The Centers for Disease Control and Prevention's National Institute for Occupational Safety and Health has begun offering medical insurance to affected people, one year after federal health officials added 58 types of cancer to illnesses covered under the plan for people who were exposed to toxins at Ground Zero when terrorists destroyed the World Trade Center Twin Towers, CNN reported.
WTC Health Plan Administrator Dr. John Howard had said in 2011 the WTC compensation fund would not cover cancer treatment because "published scientific and medical findings" at the time did not establish a clear connection between cancer and exposure to toxins at Ground Zero.
A 2011 study that concluded firefighters working at Ground Zero were 19 percent more likely than others to get cancer, helped convince government health officials to add cancer to the list of diseases covered under the WTC Health Program, CNN said.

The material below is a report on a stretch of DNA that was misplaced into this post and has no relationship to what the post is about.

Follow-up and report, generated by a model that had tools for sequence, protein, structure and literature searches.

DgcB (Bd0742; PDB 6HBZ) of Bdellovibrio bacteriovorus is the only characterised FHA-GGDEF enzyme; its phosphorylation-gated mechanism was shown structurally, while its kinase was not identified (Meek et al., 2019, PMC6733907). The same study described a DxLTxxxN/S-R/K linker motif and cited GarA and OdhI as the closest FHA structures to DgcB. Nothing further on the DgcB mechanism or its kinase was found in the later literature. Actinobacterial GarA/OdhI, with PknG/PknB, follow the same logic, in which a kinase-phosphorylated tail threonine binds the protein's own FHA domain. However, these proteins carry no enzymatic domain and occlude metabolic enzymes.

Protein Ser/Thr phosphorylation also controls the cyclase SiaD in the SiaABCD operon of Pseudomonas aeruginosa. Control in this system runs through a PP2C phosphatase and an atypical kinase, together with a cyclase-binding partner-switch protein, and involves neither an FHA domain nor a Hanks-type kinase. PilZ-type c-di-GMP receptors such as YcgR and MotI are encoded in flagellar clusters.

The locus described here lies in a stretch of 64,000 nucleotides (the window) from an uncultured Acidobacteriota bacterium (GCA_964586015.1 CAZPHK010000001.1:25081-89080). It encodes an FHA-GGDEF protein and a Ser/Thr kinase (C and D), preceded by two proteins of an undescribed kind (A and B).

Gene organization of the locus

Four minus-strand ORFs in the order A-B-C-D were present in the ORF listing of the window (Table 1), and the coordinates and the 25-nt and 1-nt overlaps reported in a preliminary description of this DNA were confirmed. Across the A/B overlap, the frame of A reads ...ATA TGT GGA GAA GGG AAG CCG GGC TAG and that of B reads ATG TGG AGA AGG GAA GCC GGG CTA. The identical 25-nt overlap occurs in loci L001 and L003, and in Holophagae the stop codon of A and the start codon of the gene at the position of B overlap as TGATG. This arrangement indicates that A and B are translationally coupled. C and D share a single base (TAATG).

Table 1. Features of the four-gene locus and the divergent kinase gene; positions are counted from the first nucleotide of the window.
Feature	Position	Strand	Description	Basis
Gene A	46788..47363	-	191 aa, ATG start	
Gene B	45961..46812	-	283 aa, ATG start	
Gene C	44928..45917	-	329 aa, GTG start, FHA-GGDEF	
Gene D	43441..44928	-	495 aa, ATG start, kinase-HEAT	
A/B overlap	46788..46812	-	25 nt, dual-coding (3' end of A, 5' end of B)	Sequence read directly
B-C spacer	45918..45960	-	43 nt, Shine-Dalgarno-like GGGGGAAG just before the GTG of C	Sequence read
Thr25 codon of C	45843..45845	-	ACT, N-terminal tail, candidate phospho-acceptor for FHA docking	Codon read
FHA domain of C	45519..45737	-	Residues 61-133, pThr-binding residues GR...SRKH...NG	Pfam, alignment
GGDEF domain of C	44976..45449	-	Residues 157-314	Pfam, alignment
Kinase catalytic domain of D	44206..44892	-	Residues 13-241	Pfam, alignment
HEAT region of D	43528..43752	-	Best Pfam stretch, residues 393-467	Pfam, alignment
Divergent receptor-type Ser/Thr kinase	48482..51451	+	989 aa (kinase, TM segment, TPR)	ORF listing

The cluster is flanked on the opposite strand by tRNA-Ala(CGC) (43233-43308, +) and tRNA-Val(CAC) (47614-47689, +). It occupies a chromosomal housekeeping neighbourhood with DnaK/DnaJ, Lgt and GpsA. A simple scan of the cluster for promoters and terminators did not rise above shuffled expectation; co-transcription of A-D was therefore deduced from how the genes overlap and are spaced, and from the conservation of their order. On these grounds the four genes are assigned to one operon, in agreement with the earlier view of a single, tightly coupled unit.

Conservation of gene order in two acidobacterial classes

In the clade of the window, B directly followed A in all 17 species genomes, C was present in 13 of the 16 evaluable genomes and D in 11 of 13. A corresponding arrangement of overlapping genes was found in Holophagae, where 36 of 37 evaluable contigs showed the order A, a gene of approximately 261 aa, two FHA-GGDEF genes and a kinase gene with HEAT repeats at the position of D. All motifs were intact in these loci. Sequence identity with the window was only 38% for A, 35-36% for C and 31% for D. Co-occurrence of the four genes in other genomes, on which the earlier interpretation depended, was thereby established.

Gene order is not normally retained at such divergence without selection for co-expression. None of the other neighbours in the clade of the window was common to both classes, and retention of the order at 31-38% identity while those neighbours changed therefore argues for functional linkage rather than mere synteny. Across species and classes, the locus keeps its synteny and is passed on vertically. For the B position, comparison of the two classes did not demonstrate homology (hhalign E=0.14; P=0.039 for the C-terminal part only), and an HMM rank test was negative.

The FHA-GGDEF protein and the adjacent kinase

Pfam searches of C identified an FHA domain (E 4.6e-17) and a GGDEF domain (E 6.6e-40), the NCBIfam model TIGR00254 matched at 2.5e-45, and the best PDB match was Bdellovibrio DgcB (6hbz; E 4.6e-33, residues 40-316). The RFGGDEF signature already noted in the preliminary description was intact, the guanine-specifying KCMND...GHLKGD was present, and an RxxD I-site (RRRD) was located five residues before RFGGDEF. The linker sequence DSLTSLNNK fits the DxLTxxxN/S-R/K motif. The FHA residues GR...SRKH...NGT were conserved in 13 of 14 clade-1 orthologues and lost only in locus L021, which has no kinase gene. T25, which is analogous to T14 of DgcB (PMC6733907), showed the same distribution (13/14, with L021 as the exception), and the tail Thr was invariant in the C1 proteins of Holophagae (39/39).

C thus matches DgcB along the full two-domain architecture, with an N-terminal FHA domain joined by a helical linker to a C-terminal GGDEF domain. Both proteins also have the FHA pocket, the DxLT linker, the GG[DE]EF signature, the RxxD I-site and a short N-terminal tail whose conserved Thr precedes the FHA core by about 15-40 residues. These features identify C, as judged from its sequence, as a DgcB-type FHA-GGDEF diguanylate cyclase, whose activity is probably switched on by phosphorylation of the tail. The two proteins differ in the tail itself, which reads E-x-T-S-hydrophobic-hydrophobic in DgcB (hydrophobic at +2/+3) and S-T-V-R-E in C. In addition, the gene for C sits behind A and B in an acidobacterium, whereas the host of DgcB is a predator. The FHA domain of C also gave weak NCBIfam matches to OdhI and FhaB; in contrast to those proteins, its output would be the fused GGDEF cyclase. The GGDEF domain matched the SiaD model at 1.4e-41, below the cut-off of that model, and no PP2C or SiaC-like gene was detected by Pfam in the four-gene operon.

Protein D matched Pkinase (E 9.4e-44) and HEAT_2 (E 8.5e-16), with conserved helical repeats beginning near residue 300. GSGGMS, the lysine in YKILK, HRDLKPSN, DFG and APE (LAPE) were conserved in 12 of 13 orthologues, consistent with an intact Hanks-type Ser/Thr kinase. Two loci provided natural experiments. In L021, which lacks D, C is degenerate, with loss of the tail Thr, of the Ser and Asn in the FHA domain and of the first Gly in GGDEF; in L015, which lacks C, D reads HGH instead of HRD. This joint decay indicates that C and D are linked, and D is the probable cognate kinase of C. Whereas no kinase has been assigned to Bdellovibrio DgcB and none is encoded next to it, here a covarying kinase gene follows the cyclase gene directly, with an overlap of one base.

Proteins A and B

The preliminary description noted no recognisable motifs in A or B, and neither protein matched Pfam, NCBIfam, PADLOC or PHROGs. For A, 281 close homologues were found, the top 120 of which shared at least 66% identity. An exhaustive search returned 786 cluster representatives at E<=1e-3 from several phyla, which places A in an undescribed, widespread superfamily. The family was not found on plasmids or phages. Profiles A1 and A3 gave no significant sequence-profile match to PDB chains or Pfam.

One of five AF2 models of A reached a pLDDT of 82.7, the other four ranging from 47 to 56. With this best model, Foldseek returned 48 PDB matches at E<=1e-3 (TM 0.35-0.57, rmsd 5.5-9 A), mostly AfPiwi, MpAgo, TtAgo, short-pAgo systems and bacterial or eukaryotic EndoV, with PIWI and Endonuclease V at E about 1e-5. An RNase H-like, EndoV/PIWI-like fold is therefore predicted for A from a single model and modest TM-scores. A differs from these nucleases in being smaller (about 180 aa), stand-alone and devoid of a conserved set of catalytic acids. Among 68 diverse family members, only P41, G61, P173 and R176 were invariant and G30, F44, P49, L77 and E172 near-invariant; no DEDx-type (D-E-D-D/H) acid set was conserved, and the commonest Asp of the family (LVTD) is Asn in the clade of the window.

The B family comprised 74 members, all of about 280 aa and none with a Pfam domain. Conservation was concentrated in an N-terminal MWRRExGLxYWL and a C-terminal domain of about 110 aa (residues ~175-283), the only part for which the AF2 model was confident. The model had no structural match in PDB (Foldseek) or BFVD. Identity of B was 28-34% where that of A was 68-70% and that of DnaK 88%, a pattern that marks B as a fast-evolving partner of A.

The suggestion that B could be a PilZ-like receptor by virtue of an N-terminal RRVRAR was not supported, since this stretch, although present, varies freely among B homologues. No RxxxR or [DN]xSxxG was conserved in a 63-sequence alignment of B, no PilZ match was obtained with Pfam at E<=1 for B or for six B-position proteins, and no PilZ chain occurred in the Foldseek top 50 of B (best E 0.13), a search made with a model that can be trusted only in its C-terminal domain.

The program was established under the James Zadroga 9/11 Health and Compensation Act, named after a New York Police Department officer whose death from respiratory disease was blamed on exposure to toxic matter at Ground Zero.
It has been expanded to provide coverage for first responders at the Sept. 11, 2001, attack on the Pentagon attack and the Shanksville, Pa., crash of United Airlines Flight 93 after passengers rushed the cockpit and overpowered hijackers.
To determine eligibility for the WTC Health Program, visit www.cdc.gov/wtc.
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